I read Eric Evans’ Domain-Driven Design: Tackling Complexity in the Heart of Software nearly six months ago, but I wanted to take some time to mull over my response to it before posting a review.
Reading Domain-Driven Design can be a challenge. It’s taken me a while to sort through all the concepts in my head. It’s also taken me some time to chase down the references and articles related to the book. Eric Evans makes frequent references to design patterns and often cites other books in the software design canon. If you’re not familiar with these, you’ll find the book slow going. It’s definitely worth the effort, however, especially if you work with large codebases.
The key is large codebases. For simple software applications, a straightforward procedural approach to code works just fine. At larger scales, Object Oriented approaches to code work quite well. But neither procedural code nor OO principles give much guidance about large-scale software structures.
After your application grows beyond a dozen classes or so, you need to start thinking about the overall organization of your code. And once you start work on an application with different logical layers or physical tiers, or one that integrates with other software applications, you ought to give Domain-Driven Design a thorough read.
Software applications are tools that help people solve problems. The scope of the problem is called the problem domain, or simply the domain. The process of setting up your software to tackle the problem is called domain modeling. The domain model consists of the core concepts that help users of the software get the job done or the problem solved.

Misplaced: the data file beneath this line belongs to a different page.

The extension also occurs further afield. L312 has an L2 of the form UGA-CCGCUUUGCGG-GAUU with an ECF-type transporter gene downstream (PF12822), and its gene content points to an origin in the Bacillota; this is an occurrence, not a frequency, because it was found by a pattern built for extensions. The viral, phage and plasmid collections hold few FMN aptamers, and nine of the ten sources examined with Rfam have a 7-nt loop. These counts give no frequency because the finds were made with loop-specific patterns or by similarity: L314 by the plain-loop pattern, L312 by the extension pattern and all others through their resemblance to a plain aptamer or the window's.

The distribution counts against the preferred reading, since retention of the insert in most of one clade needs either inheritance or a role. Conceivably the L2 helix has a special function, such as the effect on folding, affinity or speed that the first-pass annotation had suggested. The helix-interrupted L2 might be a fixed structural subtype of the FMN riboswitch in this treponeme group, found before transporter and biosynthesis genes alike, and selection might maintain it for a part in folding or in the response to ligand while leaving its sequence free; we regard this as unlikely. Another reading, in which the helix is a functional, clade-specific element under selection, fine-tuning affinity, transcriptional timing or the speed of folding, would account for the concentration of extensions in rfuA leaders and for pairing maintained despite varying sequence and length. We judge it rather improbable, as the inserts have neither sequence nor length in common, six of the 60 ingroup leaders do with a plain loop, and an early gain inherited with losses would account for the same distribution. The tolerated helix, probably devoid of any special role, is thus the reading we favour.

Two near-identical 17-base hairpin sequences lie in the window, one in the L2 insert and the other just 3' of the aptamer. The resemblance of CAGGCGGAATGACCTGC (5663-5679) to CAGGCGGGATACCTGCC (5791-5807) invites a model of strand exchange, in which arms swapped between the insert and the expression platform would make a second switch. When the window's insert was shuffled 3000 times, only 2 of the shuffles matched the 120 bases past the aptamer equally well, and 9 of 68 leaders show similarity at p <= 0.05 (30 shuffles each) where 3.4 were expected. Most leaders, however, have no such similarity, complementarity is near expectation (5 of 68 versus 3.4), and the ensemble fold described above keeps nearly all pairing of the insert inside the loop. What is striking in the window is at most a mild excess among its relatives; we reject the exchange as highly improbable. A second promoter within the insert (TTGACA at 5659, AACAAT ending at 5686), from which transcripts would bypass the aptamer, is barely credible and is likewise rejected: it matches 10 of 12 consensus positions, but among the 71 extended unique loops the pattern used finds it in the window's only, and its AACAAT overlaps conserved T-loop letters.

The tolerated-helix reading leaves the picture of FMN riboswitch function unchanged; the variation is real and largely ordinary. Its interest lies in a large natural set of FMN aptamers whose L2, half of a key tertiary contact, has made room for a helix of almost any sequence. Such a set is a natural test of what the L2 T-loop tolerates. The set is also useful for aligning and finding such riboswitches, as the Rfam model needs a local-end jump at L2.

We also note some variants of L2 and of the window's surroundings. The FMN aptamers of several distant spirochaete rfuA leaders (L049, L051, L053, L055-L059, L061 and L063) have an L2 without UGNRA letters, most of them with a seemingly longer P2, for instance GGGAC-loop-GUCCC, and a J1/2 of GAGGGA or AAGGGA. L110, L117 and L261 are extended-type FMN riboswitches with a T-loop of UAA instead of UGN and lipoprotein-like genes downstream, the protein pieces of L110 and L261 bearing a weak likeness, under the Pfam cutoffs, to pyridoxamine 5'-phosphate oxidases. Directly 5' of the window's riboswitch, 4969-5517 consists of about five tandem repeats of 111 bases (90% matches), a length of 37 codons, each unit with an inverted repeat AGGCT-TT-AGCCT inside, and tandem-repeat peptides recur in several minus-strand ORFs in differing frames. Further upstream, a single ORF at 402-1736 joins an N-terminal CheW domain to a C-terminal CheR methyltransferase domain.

Domain-Driven Design recognizes that software applications have essential features needed to solve problems in the domain as well as supporting infrastructure. It places the core domain at the center of the design process and lets everything flow outward from that. It’s an approach sometimes called onion architecture, in contrast to the traditional “layer-cake” architecture diagrams you often see.
We write software to solve problems, so it makes sense that our software should model those problems as accurately as possible. It sounds so simple!
Sadly, in practice, it’s really hard to get right. Computers force us programmers to think about all sorts of things that have nothing at all to do with the problem we’re trying to solve:
These things can easily overshadow the problem we’re trying to solve. For many applications, the amount of infrastructure code you’ll write will far exceed the amount of domain logic required to solve the problem. And if you’re not careful, this infrastructure code can spread throughout your application, making it very hard to identify the core concerns of your system.
Eric Evans’ book describes how to see the forest for the trees in large-scale applications.
One of the things Eric Evans said after he wrote the book was that he wished he’d put it in a different order. I agree! Here are the three most important concepts discussed in the book, from back to front.
Bounded Contexts are a way to separate concerns within a software application. While the core of your application might deal with video editing or insurance claims processing, you will have other parts of your application that deal with corollary concerns.
If your system interacts with another software application or uses a web service, you obviously have a different context. These third-party components likely have different ways to model the domain, and you’ll need to translate these to your model.